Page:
Three sisters are among the five people killed in a two-vehicle crash south of Edmonton on Tuesday.
Cheyanne Soosay, 22, Dominique Northwest, 19, and Latesha Northwest, 23, died in the collision, along with Tony Swampy, 30, and Terrelle Minde, 22.
“It’s tough to lose one family member, but when you lose five from a community… words can’t express,” Samson Cree Nation Chief Vernon Saddleback said. “I honestly don’t know what to say about this… I’m still in shock myself.
“Every loss we have in our community is hard. Part of it is that we’re an extended family community here so everybody kind of knows everybody. So whenever we lose somebody, it’s all tragic, it’s a huge loss.”
The crash happened at around 4:15 p.m. on Highway 2A north of Township Road 472, about five kilometres south of Millet, Alta.
“There were two vehicles — a car and an SUV — and that’s really the extent of what I can say,” Cpl. Laurel Scott said Wednesday.
“The nature of how they collided is still being investigated.”
Four people were pronounced dead at the scene, according to the RCMP. One was taken to hospital where they were pronounced dead. All five were in the same vehicle.
The driver and only occupant of the second vehicle was taken to hospital with minor injuries.
“This is very hard on the Maskwacis community, Wetaskiwin community, everybody who knows some of these people,” Scott said. “It’s hard for everybody, we recognize that.
“We also know that Maskwacis, not very long ago, had other people killed in a fatality. So this hits them hard.”
Saddleback said all five people killed were young adults between the ages of 20 and 30.
They were all from Maskwacis but were living in Wetaskiwin, he said.
Swampy was an academic upgrading student at NorQuest College’s Wetaskiwin campus, according to a statement from the college.
“He was known by faculty and students to be a positive presence on campus and his loss is considered a terrible tragedy. Our thoughts are with Tony’s friends and family, as well as the Maskwacis community,” read the statement.
The college said support is being made available to students and employees who may need assistance during the difficult time.
“We lost five members from the Maskwacis community,” Saddleback said. “We lost members from both the Samson and Ermineskin communities.
“I do want to give my condolences and my prayers to all families involved. This is a horrible, horrible tragedy for everyone involved in the losses.”
Leonard Norwest struggled to speak Wednesday about his three granddaughters.
“I can’t find my words,” said Norwest from the Samson Cree Nation, one of four that make up the community of Maskwacis south of Edmonton.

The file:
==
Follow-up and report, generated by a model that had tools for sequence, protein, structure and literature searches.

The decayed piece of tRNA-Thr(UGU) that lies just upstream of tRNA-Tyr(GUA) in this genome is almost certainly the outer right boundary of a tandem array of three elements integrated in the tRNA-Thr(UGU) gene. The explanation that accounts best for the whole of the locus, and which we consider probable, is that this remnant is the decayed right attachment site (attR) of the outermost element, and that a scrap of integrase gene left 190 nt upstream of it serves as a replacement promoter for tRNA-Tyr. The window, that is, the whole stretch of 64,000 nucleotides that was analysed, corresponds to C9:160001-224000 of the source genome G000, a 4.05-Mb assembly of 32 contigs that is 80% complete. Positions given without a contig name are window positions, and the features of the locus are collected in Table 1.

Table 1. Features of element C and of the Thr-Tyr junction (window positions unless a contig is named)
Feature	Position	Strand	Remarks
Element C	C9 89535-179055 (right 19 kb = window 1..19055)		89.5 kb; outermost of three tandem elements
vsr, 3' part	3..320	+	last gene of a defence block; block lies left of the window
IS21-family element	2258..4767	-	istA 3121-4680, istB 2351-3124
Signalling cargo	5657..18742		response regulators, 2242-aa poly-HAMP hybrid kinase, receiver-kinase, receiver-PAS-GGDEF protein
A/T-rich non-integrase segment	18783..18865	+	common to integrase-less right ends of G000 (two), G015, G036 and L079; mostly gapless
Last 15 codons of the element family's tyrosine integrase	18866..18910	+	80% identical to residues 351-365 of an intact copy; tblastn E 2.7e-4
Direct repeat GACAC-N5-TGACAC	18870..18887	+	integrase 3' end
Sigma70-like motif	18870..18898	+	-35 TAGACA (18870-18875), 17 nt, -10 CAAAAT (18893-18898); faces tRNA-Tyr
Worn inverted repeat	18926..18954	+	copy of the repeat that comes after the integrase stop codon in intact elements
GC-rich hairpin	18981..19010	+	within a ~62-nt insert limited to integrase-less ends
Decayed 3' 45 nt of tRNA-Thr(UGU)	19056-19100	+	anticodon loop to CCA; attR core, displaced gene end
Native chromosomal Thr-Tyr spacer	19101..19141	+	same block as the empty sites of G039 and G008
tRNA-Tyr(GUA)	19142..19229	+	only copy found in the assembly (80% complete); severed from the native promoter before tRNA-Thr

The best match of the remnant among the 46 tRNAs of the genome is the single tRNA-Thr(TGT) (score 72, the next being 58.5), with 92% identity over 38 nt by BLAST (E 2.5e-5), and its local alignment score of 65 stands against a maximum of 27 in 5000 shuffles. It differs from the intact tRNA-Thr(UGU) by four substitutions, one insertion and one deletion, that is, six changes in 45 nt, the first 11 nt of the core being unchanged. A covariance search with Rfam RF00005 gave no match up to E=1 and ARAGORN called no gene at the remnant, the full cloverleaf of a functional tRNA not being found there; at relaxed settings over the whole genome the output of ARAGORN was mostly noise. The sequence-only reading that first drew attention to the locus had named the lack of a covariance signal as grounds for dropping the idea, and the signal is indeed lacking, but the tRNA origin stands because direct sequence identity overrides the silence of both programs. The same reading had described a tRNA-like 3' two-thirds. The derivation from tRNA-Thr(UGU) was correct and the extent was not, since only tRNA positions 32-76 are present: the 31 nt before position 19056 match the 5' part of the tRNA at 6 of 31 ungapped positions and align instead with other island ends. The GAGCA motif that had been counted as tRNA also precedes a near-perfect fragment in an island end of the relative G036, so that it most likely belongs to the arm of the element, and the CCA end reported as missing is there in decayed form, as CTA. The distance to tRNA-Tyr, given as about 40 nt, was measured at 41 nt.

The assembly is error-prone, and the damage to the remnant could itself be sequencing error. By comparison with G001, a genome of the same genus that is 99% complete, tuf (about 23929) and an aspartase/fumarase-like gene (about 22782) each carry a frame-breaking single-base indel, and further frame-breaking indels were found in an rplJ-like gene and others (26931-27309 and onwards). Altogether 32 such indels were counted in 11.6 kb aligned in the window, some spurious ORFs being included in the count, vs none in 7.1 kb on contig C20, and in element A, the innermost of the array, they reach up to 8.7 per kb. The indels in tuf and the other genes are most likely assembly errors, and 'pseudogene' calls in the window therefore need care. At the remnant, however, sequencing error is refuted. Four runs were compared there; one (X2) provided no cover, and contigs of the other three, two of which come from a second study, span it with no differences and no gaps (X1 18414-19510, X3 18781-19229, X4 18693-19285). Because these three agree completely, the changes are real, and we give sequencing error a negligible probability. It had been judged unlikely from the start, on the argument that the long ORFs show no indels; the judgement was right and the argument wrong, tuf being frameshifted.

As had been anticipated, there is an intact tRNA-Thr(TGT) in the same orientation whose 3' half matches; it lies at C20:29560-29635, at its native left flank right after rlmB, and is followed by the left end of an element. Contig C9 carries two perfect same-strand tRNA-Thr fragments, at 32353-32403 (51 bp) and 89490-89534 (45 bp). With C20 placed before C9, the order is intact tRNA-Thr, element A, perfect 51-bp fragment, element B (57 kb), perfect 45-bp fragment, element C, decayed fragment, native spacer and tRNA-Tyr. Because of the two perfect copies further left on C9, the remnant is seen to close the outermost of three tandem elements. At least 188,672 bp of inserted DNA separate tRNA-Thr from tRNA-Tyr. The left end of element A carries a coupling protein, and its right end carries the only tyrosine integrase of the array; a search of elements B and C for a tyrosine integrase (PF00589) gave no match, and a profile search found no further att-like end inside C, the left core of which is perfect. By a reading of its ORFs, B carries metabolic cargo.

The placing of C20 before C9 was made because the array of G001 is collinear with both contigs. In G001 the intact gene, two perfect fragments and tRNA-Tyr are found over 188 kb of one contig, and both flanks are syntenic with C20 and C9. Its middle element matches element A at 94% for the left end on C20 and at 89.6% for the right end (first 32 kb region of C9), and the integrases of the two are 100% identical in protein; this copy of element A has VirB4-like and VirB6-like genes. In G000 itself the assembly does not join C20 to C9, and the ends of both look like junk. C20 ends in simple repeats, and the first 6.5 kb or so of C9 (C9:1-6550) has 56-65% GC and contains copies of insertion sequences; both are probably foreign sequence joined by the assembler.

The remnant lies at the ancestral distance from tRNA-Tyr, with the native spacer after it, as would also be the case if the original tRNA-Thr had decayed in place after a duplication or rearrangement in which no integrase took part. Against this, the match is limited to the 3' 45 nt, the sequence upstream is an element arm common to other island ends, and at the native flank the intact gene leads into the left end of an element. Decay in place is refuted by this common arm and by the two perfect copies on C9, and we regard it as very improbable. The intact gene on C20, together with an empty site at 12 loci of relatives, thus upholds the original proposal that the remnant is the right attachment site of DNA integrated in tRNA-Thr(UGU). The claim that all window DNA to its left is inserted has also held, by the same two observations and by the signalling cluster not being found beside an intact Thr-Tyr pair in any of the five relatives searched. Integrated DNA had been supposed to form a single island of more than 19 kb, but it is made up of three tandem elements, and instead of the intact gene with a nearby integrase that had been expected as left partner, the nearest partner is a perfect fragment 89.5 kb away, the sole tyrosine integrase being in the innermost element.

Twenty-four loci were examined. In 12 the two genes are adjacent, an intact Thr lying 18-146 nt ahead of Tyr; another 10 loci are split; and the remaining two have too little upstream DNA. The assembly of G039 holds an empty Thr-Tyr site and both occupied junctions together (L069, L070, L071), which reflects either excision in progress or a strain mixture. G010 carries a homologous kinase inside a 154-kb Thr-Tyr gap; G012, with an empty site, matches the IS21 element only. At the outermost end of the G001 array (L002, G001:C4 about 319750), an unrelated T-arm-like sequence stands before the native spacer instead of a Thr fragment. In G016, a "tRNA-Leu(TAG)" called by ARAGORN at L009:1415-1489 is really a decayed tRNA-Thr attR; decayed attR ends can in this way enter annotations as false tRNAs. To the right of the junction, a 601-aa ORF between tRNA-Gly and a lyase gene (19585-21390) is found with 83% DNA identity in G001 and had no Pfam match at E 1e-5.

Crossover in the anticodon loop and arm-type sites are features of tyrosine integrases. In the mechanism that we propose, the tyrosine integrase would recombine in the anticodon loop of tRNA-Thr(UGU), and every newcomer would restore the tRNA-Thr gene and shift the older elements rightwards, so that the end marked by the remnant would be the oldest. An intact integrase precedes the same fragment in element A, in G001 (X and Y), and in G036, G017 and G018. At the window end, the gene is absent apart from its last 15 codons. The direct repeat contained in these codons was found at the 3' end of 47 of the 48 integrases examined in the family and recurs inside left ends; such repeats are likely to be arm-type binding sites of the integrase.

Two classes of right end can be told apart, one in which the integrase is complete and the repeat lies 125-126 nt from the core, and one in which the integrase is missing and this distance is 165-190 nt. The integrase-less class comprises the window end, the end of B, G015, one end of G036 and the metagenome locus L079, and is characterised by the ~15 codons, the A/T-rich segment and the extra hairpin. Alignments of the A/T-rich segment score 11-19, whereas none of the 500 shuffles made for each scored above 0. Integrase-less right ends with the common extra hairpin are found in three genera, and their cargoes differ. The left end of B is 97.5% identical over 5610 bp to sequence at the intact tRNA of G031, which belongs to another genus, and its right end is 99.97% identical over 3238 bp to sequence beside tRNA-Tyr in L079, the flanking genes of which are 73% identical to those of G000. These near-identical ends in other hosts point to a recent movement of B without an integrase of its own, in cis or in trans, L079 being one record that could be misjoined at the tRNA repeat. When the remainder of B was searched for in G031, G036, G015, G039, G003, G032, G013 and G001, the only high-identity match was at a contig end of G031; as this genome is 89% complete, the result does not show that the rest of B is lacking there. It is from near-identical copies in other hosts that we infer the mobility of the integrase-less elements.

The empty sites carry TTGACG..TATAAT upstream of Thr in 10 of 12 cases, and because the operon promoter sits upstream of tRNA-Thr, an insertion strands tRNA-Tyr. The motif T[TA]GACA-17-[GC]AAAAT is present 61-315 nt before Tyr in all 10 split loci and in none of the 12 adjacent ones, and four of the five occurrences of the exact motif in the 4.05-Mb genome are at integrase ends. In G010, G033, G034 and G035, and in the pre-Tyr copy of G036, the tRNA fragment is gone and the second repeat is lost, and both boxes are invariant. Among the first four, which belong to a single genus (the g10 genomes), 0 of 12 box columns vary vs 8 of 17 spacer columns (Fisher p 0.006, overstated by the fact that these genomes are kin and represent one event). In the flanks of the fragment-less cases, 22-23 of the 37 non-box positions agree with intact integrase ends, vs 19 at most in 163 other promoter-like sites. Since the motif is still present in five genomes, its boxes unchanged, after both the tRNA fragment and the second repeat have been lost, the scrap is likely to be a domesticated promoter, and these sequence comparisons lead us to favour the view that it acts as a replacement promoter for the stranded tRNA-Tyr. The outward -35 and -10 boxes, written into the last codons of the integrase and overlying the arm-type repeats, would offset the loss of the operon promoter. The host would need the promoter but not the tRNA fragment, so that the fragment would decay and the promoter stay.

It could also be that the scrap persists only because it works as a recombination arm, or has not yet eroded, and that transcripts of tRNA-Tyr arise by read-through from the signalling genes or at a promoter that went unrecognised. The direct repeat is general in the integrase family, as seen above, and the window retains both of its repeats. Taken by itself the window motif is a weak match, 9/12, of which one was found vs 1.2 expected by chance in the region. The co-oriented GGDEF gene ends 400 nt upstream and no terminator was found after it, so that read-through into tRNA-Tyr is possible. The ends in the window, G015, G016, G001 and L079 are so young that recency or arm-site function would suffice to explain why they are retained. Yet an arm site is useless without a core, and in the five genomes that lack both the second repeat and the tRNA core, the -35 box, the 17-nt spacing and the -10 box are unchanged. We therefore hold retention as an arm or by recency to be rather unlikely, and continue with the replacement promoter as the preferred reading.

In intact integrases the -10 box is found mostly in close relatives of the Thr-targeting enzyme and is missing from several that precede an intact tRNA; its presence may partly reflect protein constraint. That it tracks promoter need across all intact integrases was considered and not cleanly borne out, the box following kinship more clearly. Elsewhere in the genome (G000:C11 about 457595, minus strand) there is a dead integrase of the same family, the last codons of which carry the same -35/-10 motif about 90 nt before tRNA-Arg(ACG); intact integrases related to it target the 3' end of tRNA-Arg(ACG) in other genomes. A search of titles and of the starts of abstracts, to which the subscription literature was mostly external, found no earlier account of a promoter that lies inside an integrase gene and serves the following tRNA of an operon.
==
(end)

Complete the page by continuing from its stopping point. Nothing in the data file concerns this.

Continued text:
Norwest said his granddaughters grew up on the Samson reserve but were most recently living in nearby Wetaskiwin. Two of them were mothers of young children.
Their father, Orville Northwest, was planning to go to the crash site to smudge the area to help the young women on their journey to the spirit world.
“He’s taking it hard. He was always close to his kids,” said Norwest.
The other two victims — Swampy and Minde — were a young couple from the nearby Ermineskin Cree Nation.
Scott said police are receiving support as well as community members.
“The Maskwacis detachment is very involved right now with the chiefs, and they’ve got the Victims Services unit in Maskwacis helping and also the Urgent Mental Health Care workers … everyone works together to reach out and help families, friends, whoever needs support.”
Millet is approximately 40 kilometres south of Edmonton.
People who live along the busy highway said they knew something was terribly wrong Tuesday when STARS Air Ambulance landed at the crash scene and didn’t take off for quite some time.
Watch below: Five people are dead after a two-vehicle collision south of Edmonton Tuesday afternoon. It happened on Highway 2A near Millet, where Quinn Ohler joined Global News Morning live Wednesday morning.
“Regardless of your faith — whether you follow the Native traditions… or if you’re a Christian, if you’re Catholic, or Jewish or Muslim or Seventh Day Adventist — regardless of your faith, in these tough tragic times, we all believe in the power of prayer,” Saddleback said.
“I want to ask everyone out there who’s watching, listening or who’s going to read this story, if you could pray for our communities… and pray for those families.
Saddleback said he spent the morning meeting with the families’ grandmothers.
“You don’t know when tragedy is going to strike. You don’t know when you’re going to lose your loved ones. The only thing I can tell people out there is to make sure you love your parents, love your kids, love your spouse , love one another. Make sure you have no regrets in the life you live.”
— With files from Chris Purdy, The Canadian Press